The second phase of the search step is the data selection source(s). Khan et al. (2003) assert that this search must be comprehensively and extensively searched from relevant and reputable database and journals to ensure the reliability of the literature. Consequently, Lu and Liu (2014) argue that to obtain the most relevant and appropriate citations, journals in the relevant field of study needs to be identified and selected for review. In agreement with Lu and Liu (2004), this study used the database source of ScienceDirect as the primary and first search engine. This search engine was focussed on as the first search engine because it contains most journals in the field of internationalisation business, IE and internationalising business clusters in developing and emerging economies. We, further, use ABS Journal Rankings to select other related journals that publish papers on internationalisation and internationalising clusters in developing and emerging economies (see Table 1). This was followed by a third step, where the Google Scholar search engine was used. The assumption is that there could be other relevant and appropriate industry reports, seminars and conference proceedings; PhD and Masters’ degree theses that could provide important literature.
|Article/Book Source||Author(s)||Nature of Cluster, Country and Internationalisation Activities|
|Critical Perspectives on International Business||Ayakwah et al. (2018)||Exporting agro-based clusters in Ghana|
|World Development||Nadvi (1999)||Pakistani exporting Surgical instrument cluster|
|McCormick (1999)||Variant product clusters in Ghana, Kenya and south Africa dominantly not internationalising|
|Weijland (1999)||Non exporting agro-based clusters in Indonesia|
|Schmitz (1999)||Exporting leather wear clusters in Brazil|
|Visser et al. (2015)||Clothing cluster in Peru dominantly not internationalising|
|Small Business Economics||Sonobe et al. (2011)||Non exporting Metal work cluster in Kenya|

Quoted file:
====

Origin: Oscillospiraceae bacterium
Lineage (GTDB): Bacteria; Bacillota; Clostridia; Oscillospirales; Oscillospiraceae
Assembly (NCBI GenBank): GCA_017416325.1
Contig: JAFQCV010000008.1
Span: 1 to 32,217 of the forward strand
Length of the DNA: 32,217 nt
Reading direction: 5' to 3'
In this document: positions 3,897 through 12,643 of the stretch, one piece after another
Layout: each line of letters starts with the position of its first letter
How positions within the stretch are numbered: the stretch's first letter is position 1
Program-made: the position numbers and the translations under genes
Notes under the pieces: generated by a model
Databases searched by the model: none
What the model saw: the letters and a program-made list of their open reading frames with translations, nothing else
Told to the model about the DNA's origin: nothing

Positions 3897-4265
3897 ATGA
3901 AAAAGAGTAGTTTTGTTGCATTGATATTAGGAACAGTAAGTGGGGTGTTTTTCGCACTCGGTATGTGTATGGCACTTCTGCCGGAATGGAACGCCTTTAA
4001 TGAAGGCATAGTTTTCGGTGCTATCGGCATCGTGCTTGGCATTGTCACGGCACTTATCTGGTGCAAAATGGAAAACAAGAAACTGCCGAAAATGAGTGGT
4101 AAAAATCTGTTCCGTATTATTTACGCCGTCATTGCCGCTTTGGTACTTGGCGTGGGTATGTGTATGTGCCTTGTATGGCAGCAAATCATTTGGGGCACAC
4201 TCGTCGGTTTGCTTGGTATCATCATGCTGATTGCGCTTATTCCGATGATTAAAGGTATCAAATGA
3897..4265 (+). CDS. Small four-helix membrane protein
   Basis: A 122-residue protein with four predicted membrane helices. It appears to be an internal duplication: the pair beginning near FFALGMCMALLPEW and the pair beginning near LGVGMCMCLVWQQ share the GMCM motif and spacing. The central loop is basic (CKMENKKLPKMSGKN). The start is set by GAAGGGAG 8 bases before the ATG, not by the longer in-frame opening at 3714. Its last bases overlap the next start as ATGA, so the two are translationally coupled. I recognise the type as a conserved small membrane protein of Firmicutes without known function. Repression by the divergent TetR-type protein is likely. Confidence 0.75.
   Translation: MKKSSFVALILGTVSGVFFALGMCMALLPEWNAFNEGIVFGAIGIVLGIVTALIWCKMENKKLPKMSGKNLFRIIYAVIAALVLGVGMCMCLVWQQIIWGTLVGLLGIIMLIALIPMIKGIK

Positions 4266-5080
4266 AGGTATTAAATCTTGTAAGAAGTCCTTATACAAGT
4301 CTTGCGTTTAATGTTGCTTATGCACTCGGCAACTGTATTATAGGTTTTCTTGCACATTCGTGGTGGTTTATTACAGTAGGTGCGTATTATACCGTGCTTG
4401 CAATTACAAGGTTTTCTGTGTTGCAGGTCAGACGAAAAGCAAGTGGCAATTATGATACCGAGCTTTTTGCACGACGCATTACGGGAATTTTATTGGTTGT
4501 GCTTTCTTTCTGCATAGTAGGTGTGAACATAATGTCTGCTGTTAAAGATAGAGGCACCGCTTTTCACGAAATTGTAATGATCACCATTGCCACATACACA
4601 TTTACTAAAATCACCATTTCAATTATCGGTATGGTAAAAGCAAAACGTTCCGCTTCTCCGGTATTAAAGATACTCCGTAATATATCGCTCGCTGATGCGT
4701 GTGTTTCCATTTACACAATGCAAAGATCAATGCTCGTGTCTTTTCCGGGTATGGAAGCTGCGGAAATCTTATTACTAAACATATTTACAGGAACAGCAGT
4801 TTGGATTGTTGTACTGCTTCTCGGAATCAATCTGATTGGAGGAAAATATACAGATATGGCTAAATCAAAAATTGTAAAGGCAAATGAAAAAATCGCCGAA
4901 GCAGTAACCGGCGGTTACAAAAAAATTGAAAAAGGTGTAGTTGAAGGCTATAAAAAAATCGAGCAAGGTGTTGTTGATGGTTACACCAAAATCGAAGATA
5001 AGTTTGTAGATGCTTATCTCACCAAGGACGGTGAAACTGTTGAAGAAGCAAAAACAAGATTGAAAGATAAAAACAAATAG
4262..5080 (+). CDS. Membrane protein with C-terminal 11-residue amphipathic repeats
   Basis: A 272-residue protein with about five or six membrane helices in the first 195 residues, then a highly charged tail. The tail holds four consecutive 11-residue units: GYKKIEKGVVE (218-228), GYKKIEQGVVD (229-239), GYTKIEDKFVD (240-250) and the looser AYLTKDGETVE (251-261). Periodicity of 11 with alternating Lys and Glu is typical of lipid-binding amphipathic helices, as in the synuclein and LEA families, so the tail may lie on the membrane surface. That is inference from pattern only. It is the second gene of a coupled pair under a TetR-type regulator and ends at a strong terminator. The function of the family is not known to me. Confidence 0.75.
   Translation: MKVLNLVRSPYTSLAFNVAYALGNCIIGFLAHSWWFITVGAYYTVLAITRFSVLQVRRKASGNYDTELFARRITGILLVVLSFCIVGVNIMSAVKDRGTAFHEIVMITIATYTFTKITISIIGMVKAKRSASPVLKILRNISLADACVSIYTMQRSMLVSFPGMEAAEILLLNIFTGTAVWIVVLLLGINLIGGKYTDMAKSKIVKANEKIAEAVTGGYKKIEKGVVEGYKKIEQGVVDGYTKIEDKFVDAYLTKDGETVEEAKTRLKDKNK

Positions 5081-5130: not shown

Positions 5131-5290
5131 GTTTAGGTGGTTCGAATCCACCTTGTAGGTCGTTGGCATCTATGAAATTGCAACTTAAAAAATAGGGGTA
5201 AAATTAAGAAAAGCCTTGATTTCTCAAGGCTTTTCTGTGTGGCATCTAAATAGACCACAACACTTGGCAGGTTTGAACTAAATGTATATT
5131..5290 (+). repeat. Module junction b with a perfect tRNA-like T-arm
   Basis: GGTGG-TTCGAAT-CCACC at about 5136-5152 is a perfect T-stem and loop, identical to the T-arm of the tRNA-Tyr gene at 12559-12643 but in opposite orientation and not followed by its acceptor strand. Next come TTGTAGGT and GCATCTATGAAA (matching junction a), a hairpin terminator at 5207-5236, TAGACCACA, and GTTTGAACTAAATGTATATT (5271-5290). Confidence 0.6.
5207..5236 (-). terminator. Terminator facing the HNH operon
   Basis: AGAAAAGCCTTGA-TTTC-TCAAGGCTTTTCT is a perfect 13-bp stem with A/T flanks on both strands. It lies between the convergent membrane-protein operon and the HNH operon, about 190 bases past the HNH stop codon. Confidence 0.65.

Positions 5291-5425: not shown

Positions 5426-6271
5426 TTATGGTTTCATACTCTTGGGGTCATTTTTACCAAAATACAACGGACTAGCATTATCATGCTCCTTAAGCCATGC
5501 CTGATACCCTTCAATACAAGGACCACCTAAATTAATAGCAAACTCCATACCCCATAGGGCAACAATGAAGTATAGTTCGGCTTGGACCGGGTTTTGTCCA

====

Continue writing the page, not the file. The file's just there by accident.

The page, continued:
|Technovation||Guo and Guo (2011)||Non exporting Warp-knitting and cooling tower cluster in Zhenjiang China|
|Economic Review||Rasiah and Vinanchiarachi (2013)||Multiple product exporting clusters in Malaysia, Argentina, Chile and China|
|Policy Paper||Alfaro et al. (2012)||Exporting automobile cluster in South Africa|
|Environment and Planning C: Government and Policy||Clarke and Ramirez (2014)||Exporting mango cluster in Peru|
|Industrial and Corporate Change||Perez-Aleman (2005)||Exporting Tomatoes and Salmon clusters in Chile|
|Journal of Studies and Research in Human Geography||Popescu (2010)||Exporting Textiles and furniture clusters in Romania|
|Organizations and Markets in Emerging Economies||Rocha and McDermott (2010)||Exporting wine and automobile clusters in Argentina|
|Journal of Organizational Change Management||Martinez et al. (2012)|
Authors construct (2019).
The third step prescribed by Ke et al. (2009) and Lu and Liu (2014) is to perform a preliminary search that involves preliminary search using the search keywords that are defined within specific domains such as Abstract, Titles and Keywords. Therefore, we followed this by searching for export, cluster, network, knowledge and internationalisation. The keywords searches are then inserted and entered into the identified databases or journals (Ke et al., 2009; Lu & Liu, 2014). To follow this procedure, a general search on exporting clusters in developing economies was carried out. To do so, words and phrases such as clusters that are exporting; clusters that have external networks; clusters that utilise external and local knowledge in their operations; clusters with multinational linkages; clusters receiving government export support programmes. At this stage, Khan et al. (2003) argue that the searches must be rigorous but with no language restrictions and therefore, it should be subject to the flow from the research question(s). Further, Lu and Liu (2014) and Ke et al. (2009) also add that, at this phase of the searches, the searches should be restricted to the parameters of search criteria – in order to ensure consistency.
The fourth step is Assessing the Quality of Studies so that academic rigour could be ensured (Khan et al., 2003). During searches at this phase, the search words and phrases were narrowed down to the exact focus of the study such as exporting clusters, drivers and barriers of exports, exporting cluster performance which is more direct and specific to the study’s topic.
At step 5, the data or the literature collected are then summarised by doing a detailed review through analysis and synthesis of the relevant and appropriate literature that was identified (Lu & Liu, 2014). During this phase, the literature can now be tabulated based on themes (main) and sub-themes based on their similarities. In accordance with the assertions, recommendations of Khan et al. (2003) and Lu and Liu (2014), our findings were tabulated based on the literature similarities in the findings as evidenced in Table 1. The last step, which is sixth is interpreting the findings; at the last phase of the procedure, the data are synthesised and discussed, and a conclusion is drawn (Khan et al., 2003).